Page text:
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Letter from St. Andrews: Rules of Engagement

A look at one of golf’s alleged predecessors, the deliciously nasty game called chole

By: George Peper

Editor's Note: This article appeared in the March 2006 issue of LINKS.

Not since the day in 1963, when I slinked out of the Pearl River Public Library with an illicit copy of The Tropic of Cancer have I been shocked by anything I’ve read in a book. Not, that is, until last week when I dipped into a chapter of Robert Browning’s A History of Golf.

You see, I’d always believed that golf, since time immemorial, has been a game in which each competitor plays his own ball from tee to green, without interference by the opposition. Then I read the following passage, describing a rule in force at St. Andrews precisely a century and a half ago:

       “When the ball lies in a hole or in any place that the player considers is not playable, he shall, with the consent of his adversary, lift the ball, drop it in the hazard, and lose a stroke. Should the adversary say, however, that he thinks the ball playable, he (the adversary) plays the ball; if he makes the ball playable in two strokes, the two strokes count as if the player had played the ball. The player then plays the ball as if he himself had played it out. But if the adversary does not get the ball out at the two strokes then, as stated above, it is lifted and dropped, a stroke being lost.”

Can you imagine?  Fergus and Sandy are standing beside a deep, boggy ditch on the fourth hole. Fergus looks haplessly at his ball and says, “Auch, ah canna git it oot,” to which Sandy replies, “Aye, but ah can—joost you watch me!” He swaggers in with his niblick, takes a couple of agricultural swipes, and when the muddy gutty emerges from its grave, Fergus gets tagged with two strokes!

The spirit behind this was laudable—play the ball as it lies (or else your opponent may)—but the rule had a couple of obvious flaws. To begin with, it favored the player who was more skilled or at least more powerful (or at very least more dimwitted—willing to wade into all manner of peril for the sake of gaining a one-stroke edge).  After all, a lie that you or I deem patently unplayable may, to Tiger Woods, be nothing more than a spirited swish with an 8-iron.

On top of that, it gave the adversary a free whack at his opponent’s ball. If he failed, his opponent still got a one-stroke penalty, if he succeeded his opponent got two strokes, and if the “recovery” shot were played with a sufficient combination of deftness, cunning, and malice the resulting lie might be only marginally better than the original one—behind a bush perhaps, or in the same deep boggy ditch, only a foot removed from its original position but now hittable.  

I suppose it’s little wonder this rule lasted only five years (1852–1856) before sanity returned at the Royal & Ancient Golf Club. Still, there was something darkly appealing about it. I think, in fact, the rule might have been saved—and the game of golf changed immeasurably—with the introduction of one little wrinkle: Any adversary inclined to give his opponent’s ball a couple of swipes would do so at his own risk—if he failed to extricate the ball, two strokes would be added to his own score. The opponent would still get a one-stroke penalty but he would thereby gain a stroke on his brash adversary rather than losing one (or two). Now that would have put some color in the game!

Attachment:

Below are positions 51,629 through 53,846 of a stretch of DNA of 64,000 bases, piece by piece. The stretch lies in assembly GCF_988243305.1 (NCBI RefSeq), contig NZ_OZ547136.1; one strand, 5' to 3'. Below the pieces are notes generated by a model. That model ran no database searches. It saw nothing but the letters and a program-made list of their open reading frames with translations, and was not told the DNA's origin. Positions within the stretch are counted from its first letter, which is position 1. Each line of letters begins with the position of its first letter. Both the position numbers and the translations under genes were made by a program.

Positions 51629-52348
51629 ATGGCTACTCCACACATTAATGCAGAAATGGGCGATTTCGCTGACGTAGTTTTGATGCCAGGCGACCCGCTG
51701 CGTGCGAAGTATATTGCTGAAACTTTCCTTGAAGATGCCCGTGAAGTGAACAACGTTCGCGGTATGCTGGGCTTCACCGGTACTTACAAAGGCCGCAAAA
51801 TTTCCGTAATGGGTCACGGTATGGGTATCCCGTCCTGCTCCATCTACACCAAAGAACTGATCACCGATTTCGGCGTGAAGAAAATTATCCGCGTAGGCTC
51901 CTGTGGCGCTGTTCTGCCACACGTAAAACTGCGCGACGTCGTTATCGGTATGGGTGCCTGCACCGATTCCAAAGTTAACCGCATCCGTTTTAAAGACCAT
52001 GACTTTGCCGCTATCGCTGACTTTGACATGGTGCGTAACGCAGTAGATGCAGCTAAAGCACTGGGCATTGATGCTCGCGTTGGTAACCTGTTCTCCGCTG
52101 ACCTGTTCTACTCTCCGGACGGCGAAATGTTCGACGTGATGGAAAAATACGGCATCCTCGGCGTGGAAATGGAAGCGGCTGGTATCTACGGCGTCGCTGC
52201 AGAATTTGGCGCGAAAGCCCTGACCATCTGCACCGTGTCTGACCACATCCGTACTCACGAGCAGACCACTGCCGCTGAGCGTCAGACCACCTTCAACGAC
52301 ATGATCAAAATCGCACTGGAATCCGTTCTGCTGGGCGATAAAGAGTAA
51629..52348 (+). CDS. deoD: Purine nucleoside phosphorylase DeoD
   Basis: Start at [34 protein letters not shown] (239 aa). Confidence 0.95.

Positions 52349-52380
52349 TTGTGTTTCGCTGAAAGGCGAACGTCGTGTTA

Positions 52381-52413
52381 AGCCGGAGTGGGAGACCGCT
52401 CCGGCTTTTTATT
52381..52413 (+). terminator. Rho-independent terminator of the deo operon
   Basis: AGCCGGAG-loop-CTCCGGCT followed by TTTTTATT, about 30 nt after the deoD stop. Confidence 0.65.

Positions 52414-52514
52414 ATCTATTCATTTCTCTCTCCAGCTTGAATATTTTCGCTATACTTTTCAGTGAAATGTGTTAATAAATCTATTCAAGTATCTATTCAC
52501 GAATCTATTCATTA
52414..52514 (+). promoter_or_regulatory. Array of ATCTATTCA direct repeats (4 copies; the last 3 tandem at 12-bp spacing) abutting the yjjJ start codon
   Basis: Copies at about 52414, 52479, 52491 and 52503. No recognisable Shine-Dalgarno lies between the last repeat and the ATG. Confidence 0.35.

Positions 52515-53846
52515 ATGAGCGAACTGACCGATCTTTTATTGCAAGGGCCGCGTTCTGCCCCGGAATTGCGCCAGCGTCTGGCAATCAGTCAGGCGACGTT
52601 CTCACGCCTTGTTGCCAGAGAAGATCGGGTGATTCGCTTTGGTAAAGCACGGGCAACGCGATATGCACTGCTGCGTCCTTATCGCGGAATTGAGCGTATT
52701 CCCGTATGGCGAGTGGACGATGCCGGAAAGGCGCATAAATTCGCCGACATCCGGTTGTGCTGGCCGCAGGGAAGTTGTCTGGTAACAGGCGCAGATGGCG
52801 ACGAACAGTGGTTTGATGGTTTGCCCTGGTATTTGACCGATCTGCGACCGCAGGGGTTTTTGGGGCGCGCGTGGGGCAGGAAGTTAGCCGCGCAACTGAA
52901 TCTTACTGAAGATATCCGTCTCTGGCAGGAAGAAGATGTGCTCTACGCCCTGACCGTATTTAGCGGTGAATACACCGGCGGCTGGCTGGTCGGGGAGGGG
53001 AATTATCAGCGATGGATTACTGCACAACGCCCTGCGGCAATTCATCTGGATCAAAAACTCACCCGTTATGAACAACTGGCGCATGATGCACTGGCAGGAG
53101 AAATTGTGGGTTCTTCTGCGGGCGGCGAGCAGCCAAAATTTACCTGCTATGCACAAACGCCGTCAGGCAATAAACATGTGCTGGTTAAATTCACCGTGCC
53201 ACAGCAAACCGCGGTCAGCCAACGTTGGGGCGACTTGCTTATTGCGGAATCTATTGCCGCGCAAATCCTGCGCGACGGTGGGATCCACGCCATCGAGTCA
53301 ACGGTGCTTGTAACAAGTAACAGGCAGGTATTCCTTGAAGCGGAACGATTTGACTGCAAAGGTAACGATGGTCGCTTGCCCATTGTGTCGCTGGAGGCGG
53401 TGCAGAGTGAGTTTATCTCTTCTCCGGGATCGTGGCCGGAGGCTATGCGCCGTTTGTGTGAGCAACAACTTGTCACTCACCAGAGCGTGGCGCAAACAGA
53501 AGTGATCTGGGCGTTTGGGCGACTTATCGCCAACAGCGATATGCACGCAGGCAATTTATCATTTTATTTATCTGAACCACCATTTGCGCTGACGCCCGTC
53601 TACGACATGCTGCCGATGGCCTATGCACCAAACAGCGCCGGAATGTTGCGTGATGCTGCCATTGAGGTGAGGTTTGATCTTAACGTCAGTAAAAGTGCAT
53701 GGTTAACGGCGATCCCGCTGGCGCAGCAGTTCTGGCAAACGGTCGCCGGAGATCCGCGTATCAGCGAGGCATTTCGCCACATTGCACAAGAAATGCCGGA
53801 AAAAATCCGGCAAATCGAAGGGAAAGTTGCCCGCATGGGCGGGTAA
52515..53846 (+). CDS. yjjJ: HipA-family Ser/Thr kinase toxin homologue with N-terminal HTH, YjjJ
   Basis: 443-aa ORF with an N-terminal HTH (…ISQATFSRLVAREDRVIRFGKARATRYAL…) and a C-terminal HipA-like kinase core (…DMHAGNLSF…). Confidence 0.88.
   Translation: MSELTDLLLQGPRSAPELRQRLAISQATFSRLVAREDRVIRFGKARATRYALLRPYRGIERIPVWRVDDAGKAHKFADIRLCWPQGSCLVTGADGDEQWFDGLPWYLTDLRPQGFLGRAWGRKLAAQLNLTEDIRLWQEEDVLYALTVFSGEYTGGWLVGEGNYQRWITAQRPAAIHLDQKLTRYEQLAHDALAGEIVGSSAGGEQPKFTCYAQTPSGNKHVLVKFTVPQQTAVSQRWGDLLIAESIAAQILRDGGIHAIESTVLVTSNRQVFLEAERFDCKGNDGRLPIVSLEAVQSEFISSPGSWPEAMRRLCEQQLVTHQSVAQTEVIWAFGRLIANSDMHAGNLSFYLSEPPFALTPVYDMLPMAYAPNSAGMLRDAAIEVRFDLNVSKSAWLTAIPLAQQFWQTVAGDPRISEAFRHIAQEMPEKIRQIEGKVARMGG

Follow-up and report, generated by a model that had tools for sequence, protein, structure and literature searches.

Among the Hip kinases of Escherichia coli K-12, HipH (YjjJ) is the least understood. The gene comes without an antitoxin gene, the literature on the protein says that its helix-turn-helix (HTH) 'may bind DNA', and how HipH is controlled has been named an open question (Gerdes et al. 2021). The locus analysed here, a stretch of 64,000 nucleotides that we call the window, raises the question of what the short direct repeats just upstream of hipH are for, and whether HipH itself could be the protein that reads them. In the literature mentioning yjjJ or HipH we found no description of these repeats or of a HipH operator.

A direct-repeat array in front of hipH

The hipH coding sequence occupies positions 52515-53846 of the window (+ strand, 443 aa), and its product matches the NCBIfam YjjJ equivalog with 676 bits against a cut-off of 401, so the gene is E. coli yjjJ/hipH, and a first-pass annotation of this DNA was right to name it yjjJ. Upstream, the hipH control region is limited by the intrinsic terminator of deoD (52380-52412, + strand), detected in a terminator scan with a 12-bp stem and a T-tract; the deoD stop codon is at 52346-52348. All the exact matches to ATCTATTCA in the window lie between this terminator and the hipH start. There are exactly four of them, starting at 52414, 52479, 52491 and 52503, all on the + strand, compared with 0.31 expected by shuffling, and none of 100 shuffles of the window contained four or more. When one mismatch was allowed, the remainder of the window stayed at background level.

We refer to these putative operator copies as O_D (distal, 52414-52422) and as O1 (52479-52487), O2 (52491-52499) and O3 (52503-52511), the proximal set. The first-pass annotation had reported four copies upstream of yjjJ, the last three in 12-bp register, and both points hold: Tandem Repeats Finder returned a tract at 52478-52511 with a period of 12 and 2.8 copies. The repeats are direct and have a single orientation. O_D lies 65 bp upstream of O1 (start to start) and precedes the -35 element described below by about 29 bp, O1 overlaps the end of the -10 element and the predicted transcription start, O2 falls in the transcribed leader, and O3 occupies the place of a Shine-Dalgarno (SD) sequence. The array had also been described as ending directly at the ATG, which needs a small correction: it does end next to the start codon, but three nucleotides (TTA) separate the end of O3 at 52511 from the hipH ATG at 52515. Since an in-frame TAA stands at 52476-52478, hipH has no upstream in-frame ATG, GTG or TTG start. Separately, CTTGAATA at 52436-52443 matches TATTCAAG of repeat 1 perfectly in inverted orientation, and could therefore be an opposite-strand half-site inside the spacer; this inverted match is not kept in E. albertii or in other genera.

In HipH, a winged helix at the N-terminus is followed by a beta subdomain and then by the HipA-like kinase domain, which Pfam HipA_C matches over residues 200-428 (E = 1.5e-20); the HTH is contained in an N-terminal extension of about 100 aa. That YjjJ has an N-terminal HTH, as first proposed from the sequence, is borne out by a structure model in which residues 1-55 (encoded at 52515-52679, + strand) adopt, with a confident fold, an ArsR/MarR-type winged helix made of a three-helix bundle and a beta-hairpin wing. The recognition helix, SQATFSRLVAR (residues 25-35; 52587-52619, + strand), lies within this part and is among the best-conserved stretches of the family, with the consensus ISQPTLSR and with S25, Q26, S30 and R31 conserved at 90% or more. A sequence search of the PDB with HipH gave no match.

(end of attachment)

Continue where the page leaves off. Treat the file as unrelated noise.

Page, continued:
If such a deliciously vindictive rule were part of the game today, I suspect I’d enjoy golf even more than I do. Indeed, had I been around eight hundred years or so ago, when all those alleged progenitors of golf—kolf, kolven, jeu de mail, pall mall, etc.—were afoot, I’m convinced I would have lobbied passionately for global adoption of a game called chole.

Thought to have originated in Belgium and northern France, chole was a team affair played cross country with an exuberant nastiness for which the French seem to have a particular genius. The two teams selected a distant target, say a church door in the next town, and then proceeded to bid for the chance to play toward it. “We can get there in 52 turns,” the first team would say, after which the other team would huddle for a bit and reply, (in the manner of the old TV Show “Name That Tune”), “we can get there in 48.” The bidding would continue until one team said to the other, “Okay it’s yours at 43 turns—bon chance, mes amis!”

The bid-winning team then played one turn, which consisted of three shots toward their target, after which the opposing team was allowed one shot—called a déchole—the object of which was to deposit the ball into the worst imaginable lie. From there, the offense got another three advancing blows, followed by another thwart by the defense, and so on until the church door either was reached in the predicted number of turns or not.

References to chole date back to the 14th century, and the evidence is that it was played for at least two hundred years. A display case in the Royal & Ancient Golf Club shows the weaponry: egg-shaped beechwood balls and hefty wood-shafted clubs with two hitting faces, a flat part for driving the ball and a curved, concave side for those pesky extrications.

Sadly, the game never caught on. Maybe they lost all the balls. Maybe no one survived the mid-match brawls. Whatever the reason, it’s a great personal disappointment. Chole, I think, would have suited me far better than golf.

I guess it’s in the public interest, therefore, that I often play as a single.

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